When I was growing up, my parents had all kinds of stories about why they named me Alexander rather than simply Alex Titus. It ranged from all the likely explanations a parent would give.
We wanted you to be like Alexander the Great…
Or often a favorite…
Our favorite show was Family Ties, so we named you after Alex P. Keaton…
My all time favorite, however, is the one that has stuck with me for as long as I can remember.
We want you to decide who you are. You can be “Alexander” the President, or “Al” the garbage man. But no matter what you decide, you need to be the best version of that person.
When I was young, I thought that last one was LAME. It wasn’t until I went to college that I realized that Alex was one of the most common names of my generation. When I joined the novice rowing team my Freshman year, there were eight Alex’s on the team. Yes, EIGHT, out of something like forty people. We could field a boat full of Alex, but it made for challenging directions.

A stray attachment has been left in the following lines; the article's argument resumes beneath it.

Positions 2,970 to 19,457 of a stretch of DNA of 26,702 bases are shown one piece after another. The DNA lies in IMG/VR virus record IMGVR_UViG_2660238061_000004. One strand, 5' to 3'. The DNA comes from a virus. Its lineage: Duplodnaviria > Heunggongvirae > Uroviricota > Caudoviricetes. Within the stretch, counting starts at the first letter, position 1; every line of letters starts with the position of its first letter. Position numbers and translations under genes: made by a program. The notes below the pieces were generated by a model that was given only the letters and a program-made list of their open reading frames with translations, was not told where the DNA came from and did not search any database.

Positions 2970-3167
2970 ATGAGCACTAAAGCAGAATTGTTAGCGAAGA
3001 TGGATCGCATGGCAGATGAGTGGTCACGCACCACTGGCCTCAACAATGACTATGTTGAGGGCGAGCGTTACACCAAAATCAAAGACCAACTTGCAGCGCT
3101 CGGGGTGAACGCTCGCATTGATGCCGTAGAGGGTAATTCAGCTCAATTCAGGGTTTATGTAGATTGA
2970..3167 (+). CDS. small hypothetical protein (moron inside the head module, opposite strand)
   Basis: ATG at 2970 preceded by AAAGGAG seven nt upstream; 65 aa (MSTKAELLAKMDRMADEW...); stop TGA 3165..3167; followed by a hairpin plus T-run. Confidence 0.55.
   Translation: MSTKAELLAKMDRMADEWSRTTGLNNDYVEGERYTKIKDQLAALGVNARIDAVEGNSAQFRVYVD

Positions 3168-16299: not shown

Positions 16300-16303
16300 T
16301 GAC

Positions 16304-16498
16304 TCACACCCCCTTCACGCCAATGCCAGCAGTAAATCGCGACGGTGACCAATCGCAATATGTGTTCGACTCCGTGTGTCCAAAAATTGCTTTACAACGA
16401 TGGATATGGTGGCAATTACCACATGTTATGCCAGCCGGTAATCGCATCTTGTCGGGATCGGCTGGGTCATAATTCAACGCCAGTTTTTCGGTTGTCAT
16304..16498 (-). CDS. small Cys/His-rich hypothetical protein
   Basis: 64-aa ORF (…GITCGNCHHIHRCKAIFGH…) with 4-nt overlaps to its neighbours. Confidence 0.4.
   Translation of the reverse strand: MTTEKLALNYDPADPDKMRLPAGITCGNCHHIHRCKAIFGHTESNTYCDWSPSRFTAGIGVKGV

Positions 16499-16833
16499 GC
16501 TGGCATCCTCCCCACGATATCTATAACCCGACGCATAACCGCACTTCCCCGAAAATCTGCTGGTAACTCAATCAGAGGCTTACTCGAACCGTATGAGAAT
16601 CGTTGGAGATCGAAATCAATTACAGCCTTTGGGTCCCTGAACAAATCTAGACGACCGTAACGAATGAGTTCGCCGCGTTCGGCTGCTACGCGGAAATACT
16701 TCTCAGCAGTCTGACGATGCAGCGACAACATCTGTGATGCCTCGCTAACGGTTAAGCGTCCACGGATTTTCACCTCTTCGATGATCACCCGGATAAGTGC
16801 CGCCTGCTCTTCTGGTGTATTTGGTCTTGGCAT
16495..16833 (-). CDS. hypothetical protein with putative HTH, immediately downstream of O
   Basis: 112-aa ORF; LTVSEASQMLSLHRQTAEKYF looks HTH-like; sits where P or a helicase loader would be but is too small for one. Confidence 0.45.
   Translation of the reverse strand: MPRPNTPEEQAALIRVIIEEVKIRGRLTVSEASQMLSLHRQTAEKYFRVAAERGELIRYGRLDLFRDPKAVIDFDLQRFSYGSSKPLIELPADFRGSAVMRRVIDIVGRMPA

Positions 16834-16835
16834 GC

It was that year that I decided that I wanted to be Alexander Titus. It took me all the way to graduating from college and moving away from my Freshman friends to be able to do it, but in the end, my professional identity became Alexander Titus. It’s funny though, how your friends and family show support. My friends just called me Titus, and my parents and sister called me Al. Strangers default to calling me Alex Titus, and I go around introducing myself as Alexander. I have to tell you, at this point, I have no idea who actually prefers to call me what!
One of the proudest moments in my quest to normalize my “strange” preference to be called Alexander Titus came right after I defended my PhD. My Dad, who had always called me a range of affectionately teasing names (e.g. Al, Albo, Alice, etc) came up to me immediately after I finished my thesis presentation and said:
I see why you are an Alexander. Your the best damn garbage man on the block!
Uh…thanks? 😀 That’s my Dad, always finding the best ways to give a compliment.
In the end, deciding who you are and how you want to represent yourself is no easy task. I happen to want to be Alexander, despite the “exhausting” amount of work it puts on people to say all those syllables.